HANDBALL OR DELIBERATE HANDLING?
May 17, 2012
Handball, defined by many as, "contact between the hand and the ball"
is not a foul, never has been, and referees are instructed not to call
it a foul. Deliberate handling of the ball is a foul and referees are
instructed to call it as such. So what is the difference you might ask?
Let me give some examples of "handballs" that are not fouls:
1. Players are standing in a wall with their hands placed across their
chest or in front of the groin area to protect themselves. The ball is
kicked into their arms or hands. While the ball has made contact with
the hands or arms, this is not deliberate handling of the ball and is
not a foul.
2. A hard shot, taken 3-5 yards away from a player , streaks toward the
player’s head. In a flinch reaction, the player throws his hands up to
protect his face and, in the process, strikes the ball. This is not
deliberate handling of the ball. It is an involuntary reaction that is
guaranteed to happen no matter how good the player is. This is not a
3. A player dribbles the ball on one of our "smooth as satin" fields
when the ball hits a rock or clump of grass and bounces up. The ball
strikes the player in the hand. This is not deliberate handling of the
ball. And it doesn’t even matter if an advantage is gained. Consider
4. A striker shoots on goal. The keeper catches it. The striker turns
and begins running up field vigorously pumping her arms. The keeper
gets off a low line drive punt that arrives at the striker just as she
swings her arm backwards. Her elbow strikes the ball driving it
backwards into the goal. Did the player gain an advantage? Certainly,
she scored a goal. Did she deliberately handle the ball? Not hardly.
She was running with her back to the ball and didn’t even see it.
Unless the referee sees the team practicing this play before the game,
it is not a foul!!! Proper restart is a kick-off after the goal.
All of these are examples of what may be called "handball" by some but
clearly they are not deliberate and must not be called fouls. Well, you
might ask, if these are not fouls, what are?
The following are examples of deliberate handling of the ball that must
1. A shot is about to go into the goal and a fullback deliberately puts
out her hand to stop the ball from going in the goal. This is a
deliberate handling of the ball and is a foul.
2. A long pass is about to go over the head of a defender who leaps in
the air and bats the ball down. This is a deliberate handling of the
ball and is a foul.
3. A player fighting for a ball falls down. To prevent the other player
from breaking free with the ball, the player reaches out and grabs the
ball(this is not the same as making accidental contact after falling
down)Clearly a deliberate act. Clearly a foul.
4. A player goes to trap the ball on her chest but traps it with her
arms instead. This is deliberate handling of the ball. She may not have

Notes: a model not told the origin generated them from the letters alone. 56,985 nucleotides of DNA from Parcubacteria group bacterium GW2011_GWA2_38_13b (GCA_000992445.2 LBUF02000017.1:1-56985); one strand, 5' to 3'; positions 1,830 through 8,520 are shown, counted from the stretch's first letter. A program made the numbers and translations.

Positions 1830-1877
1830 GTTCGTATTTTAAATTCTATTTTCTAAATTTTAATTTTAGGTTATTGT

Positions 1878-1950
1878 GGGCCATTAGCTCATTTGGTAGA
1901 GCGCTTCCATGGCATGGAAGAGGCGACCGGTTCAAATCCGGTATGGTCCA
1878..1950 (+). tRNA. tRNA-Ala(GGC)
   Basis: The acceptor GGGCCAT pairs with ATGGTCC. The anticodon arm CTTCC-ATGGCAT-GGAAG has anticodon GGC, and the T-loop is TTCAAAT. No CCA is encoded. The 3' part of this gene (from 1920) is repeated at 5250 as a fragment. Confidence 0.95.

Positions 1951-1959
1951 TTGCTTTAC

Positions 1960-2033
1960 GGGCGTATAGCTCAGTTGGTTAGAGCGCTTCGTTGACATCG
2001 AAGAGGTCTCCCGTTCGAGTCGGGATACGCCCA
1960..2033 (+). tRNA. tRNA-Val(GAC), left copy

meant to do it, but she deliberately placed her arms where they
contacted the ball. Foul.
5. In contrast to the second example above of a non-foul, a player puts
up his hands to prevent being hit with a long through pass that travels
20 –30 yards in the air. This is a foul because the player has lots of
time and lots of choices. He could head the ball, chest trap the ball,
or even get out of the way. Putting the hands up is deliberately
choosing to handle the ball. This is a foul.
6. Finally, there are the deliberate handling of the ball by the better
players who miraculously deflect the ball down to their feet when the
referee is shielded. Since referees almost never see these anyway, it
is probably not a good example. Should, however, any of us see a player
deliberately deflecting the ball with his/her hands or arms, this is a
It seems that the first "rule" anyone learns about soccer is that you
can’t use your hands and that if you strike the ball with your hands it
is a foul! Unfortunately, while this is partially true, it is not
correct. It is a foul only if, in the opinion of the referee, the
player deliberately handled the ball. Too many "handball" fouls are
being called when no foul occurred. The game, which is meant to flow,
is needlessly being stopped and free kicks are being awarded when they
To all referees:
Do not call "handball" and award a free kick or penalty kick to the
other team. "Handball" it is not a foul. The correct foul is
"deliberate handling of the ball." More importantly, call the foul only
if you are convinced that it was a deliberate handling of the ball. All
the accidental strikings of the hand or arm by the ball are not
deliberate and are not to be called unless the player then takes
advantage of the contact to deliberately direct the ball to a desirable
Ignore all help from others who call out "Handball ref"! A suggestion:
When you see an alleged "handball," call out loudly to let everyone
know you saw it but are not fooled and will not be goaded into calling
a foul. "No foul!" or "Not deliberate!" or the aforementioned "Give me
a break, willya!" work great.
To all the parents, coaches, and players who want to help the referees:
Please don’t yell "handball" at the referee. He/she is being told not
to call handball fouls and to ignore your help. If you feel you must
help the referee, then please yell "deliberate handling of the ball,
ref!" if you are convinced this is what happened.